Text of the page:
Dressing and addressing the self: Jean Rhys, Jamaica Kincaid and the cultural politics of self-fashioning

Decaires Narain, Denise (2020) Dressing and addressing the self: Jean Rhys, Jamaica Kincaid and the cultural politics of self-fashioning. In: Lopoukhine, Juliana, Regard, Frédéric and Wallart, Kerry-Jane (eds.) Transnational Jean Rhys: lines of transmission, lines of flight. Bloomsbury, London. ISBN 9781501361319

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Abstract

This essay explores Rhys and Kincaid’s shared interest in clothing, arguing that for both writers dressing and the performativity associated with it, are crucial to their respective engagements with self-making. Via close readings of Jean Rhys’s ‘Smile Please’ and Jamaica Kincaid’s ‘Biography of a Dress,’ I foreground the centrality of dress to their perception of their younger selves and to their reflections on themselves as writers. Shifting to a discussion of Jean Rhys’s ‘Let Them Call it Jazz’, the essay considers the intriguing ways that Rhys mediates her own experience of incarceration through the somewhat flamboyant performativity of her protagonist, Selina. By way of conclusion, the essay turns to Jamaica Kincaid’s ‘Putting Myself Together,’ in which she documents her attempts at self-fashioning as a young woman and would-be writer, foregrounding the resonances with Rhys’s work. Rhys and Kincaid’s engagement with dressing as a crucial dimension of self-making implies that it is a never-ending, painful, playful and laborious process of recovery and discovery, of expression and invention.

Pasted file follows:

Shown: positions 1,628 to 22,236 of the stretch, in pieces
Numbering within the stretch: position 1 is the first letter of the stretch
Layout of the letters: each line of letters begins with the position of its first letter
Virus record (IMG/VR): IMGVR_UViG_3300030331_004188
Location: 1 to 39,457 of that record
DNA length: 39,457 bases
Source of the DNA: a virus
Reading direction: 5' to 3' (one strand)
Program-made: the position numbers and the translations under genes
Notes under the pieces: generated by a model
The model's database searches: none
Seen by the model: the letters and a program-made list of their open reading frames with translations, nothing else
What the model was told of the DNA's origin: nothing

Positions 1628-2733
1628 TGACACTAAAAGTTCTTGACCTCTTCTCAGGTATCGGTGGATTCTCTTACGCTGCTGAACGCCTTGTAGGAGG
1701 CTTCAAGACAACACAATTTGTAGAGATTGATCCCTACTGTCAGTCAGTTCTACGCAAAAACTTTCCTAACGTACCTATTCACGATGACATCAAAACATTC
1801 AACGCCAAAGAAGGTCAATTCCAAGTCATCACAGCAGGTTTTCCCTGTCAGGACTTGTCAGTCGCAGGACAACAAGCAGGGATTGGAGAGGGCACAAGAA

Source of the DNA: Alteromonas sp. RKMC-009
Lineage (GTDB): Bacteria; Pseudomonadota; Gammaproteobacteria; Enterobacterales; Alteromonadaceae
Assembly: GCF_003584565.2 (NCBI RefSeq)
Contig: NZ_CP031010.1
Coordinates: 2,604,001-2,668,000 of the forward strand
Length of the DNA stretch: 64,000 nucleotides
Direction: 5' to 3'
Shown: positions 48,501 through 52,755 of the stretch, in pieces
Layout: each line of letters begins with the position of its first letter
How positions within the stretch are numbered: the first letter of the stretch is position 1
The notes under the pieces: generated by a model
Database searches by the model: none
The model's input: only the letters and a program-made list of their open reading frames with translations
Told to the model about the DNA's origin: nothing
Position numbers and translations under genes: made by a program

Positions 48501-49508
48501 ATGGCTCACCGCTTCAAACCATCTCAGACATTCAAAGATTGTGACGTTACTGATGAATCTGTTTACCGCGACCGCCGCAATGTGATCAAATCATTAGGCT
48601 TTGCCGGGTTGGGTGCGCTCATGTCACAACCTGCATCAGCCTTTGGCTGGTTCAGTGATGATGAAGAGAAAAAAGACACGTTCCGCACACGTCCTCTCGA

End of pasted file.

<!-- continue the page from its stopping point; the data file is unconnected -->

Item Type: Book Section
Schools and Departments: School of English > English
SWORD Depositor: Mx Elements Account
Depositing User: Mx Elements Account
Date Deposited: 06 Mar 2020 11:20
Last Modified: 13 Oct 2020 13:48
URI: http://sro.sussex.ac.uk/id/eprint/90192

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